My real life began August 4, 2004. Until then I thought I was living a life—writing papers, going to school, getting married, teaching students, grading papers; however, that life was missing my son and he was the catalyst for my paradigm shift.
Once John Malcolm “Jack” was born, my world revolved around the number of dirty and wet diapers, ounces of formula, hours of sleep, and minutes of crying. As Jack reached the stage of baby development where we began giving his age in months instead of hours or days or weeks, my husband, Joe, and I noticed a difference between Jack and other friends’ children. Jack didn’t like many things. He didn’t want to play with toys or even touch toys. He kept his fists in tight little balls and seemed angry at the world. Joe and I became experts at the range of silly faces and noises we could make to coerce our angry little boy to smile. His personality was unique—one of a wizened old man—a scientist or philosopher in the making we decided.
Comforted by our belief that Jack was just a thoughtful soul, I began teaching Jack to play. I would read the What to Expect During the First Year as if it were my teacher’s manual. If Jack’s objective was to display a pincher grasp, we would cram for that test until mastered. The same routine was applied to all milestones: waving, babbling, pointing. Then during the checkups, which I dreaded, I could answer, “Why yes, Jack has just started waving,” with complete honesty. I did not share that he had been taught through drill, practice, and reward to wave.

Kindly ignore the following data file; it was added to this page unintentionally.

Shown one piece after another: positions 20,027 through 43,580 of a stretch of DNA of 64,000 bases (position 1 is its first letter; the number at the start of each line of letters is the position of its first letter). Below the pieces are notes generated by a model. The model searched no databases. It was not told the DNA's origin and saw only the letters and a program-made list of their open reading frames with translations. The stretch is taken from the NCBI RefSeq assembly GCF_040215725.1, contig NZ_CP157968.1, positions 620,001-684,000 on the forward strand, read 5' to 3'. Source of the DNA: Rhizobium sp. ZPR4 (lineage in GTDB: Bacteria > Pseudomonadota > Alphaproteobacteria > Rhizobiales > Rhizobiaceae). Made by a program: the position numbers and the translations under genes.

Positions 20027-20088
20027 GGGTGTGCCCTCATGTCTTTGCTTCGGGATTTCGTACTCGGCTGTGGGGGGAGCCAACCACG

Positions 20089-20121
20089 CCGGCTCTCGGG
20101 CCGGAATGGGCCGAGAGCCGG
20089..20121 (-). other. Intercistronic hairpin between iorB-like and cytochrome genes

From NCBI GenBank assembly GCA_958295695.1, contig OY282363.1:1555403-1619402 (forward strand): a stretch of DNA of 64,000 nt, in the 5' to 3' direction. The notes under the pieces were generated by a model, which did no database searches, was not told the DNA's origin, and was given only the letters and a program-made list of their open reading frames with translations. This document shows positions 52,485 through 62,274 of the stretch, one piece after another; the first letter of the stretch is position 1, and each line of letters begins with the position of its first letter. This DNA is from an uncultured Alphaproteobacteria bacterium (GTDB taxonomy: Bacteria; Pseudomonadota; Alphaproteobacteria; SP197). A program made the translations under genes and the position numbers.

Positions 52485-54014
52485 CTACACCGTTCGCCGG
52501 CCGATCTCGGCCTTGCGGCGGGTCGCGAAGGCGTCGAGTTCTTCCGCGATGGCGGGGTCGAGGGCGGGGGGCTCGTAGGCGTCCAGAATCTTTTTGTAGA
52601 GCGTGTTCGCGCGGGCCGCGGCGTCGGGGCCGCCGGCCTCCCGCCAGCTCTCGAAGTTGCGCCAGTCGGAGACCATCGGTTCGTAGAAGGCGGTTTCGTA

By the time Jack was 2, he was seeing three therapists a week: occupational, speech and physical. Joe and I thought for a time that Jack only had delays and would eventually catch up to his friends. The unspoken fear that seeped into our home during these years and hung like a fog was that Jack was autistic. Joe and I had both seen Rain Man and we were terrified of that stereotype for our son.
Jack’s savior and sister was born March 15, 2007. Within two weeks of Ingrid’s arrival, I realized that Jack’s differences were significant and needed a name and that we needed help.
To Tell or Not to Tell
It took 4 months and 2 experts to help us understand that Jack has autism. Unfortunately, they were not able to offer suggestions regarding therapists or next steps in the action process. I think this is the most difficult time. I know I felt absolutely alone. Joe and I were too emotionally raw to share Jack’s diagnosis with anyone else. I was afraid our friends and family would recoil, offer condolence, or display disgust. I knew no one who had a child with autism. I knew no therapists with any training regarding autism.
Six months later, I accidentally told one of Joe’s friends that Jack had been diagnosed with autism. His reaction changed my whole opinion of telling others. David explained that as a graduate student at Marshall College, he had worked with college students with autism. David had a wealth of information about the variances of how autism presents in different people and the various paths people with autism can take.